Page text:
This Dark Age

A manual for life in the modern world.

By Daniel Schwindt

Sacred language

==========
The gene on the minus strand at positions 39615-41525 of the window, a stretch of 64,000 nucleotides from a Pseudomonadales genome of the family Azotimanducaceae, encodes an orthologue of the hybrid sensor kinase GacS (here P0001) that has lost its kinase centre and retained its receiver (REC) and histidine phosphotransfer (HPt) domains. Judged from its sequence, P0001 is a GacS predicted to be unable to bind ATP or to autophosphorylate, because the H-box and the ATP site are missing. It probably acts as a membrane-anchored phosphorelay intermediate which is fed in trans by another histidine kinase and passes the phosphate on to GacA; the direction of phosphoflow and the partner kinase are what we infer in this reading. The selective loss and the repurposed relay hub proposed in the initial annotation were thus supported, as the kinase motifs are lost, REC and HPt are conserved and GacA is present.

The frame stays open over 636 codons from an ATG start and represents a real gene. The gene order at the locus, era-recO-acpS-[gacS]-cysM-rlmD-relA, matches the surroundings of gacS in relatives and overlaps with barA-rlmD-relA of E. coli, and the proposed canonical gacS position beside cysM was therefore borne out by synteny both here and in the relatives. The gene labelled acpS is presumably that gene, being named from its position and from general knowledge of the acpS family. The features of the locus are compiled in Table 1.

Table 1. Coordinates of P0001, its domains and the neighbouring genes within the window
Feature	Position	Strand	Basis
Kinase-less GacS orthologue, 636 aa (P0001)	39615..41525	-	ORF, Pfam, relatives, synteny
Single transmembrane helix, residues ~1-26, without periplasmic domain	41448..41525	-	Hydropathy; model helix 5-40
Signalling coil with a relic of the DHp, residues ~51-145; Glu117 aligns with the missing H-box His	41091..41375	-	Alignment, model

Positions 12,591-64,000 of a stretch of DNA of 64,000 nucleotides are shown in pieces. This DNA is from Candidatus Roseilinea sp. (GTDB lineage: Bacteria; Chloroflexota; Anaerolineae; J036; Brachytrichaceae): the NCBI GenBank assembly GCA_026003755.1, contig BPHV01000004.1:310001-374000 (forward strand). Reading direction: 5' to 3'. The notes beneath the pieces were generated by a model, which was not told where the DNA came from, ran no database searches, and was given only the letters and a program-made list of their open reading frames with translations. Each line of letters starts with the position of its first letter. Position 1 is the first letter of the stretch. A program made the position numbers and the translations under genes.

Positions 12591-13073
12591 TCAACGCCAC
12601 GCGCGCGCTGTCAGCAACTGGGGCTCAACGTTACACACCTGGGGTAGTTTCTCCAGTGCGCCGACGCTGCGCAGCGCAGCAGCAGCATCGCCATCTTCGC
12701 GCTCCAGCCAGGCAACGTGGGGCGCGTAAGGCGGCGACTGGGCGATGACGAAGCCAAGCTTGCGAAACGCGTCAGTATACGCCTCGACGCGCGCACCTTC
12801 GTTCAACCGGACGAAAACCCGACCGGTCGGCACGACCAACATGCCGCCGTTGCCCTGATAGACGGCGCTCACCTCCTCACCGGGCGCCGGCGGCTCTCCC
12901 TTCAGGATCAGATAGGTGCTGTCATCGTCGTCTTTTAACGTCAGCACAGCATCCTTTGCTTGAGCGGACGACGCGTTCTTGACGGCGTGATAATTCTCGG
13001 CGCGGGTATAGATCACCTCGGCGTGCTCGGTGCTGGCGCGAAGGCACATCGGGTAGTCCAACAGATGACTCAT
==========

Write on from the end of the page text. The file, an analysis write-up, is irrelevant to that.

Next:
In the same way that Latin is the liturgical language of the Catholic Church, so also is Koranic Arabic the liturgical language of Islam. However, the obvious difference being that for the Koran, it remains in the original form given, preserved from the moment it was ‘recited’ by Muhammad, hence the meaning of the word koran, ‘recitation’. Latin, on the other hand, is given its status by the authority of the Church and its traditional development, and was not, of course, the original language spoken by Christ or used to record the New Testament. This does not denigrate Latin, since it is the authentic function of the magisterium to decide when and if a language is an acceptable vehicle for its Holy Scripture, but the difference would, to a Muslim, be important. The Koran, they would say, is truly found in its original, ‘revealed’ form.

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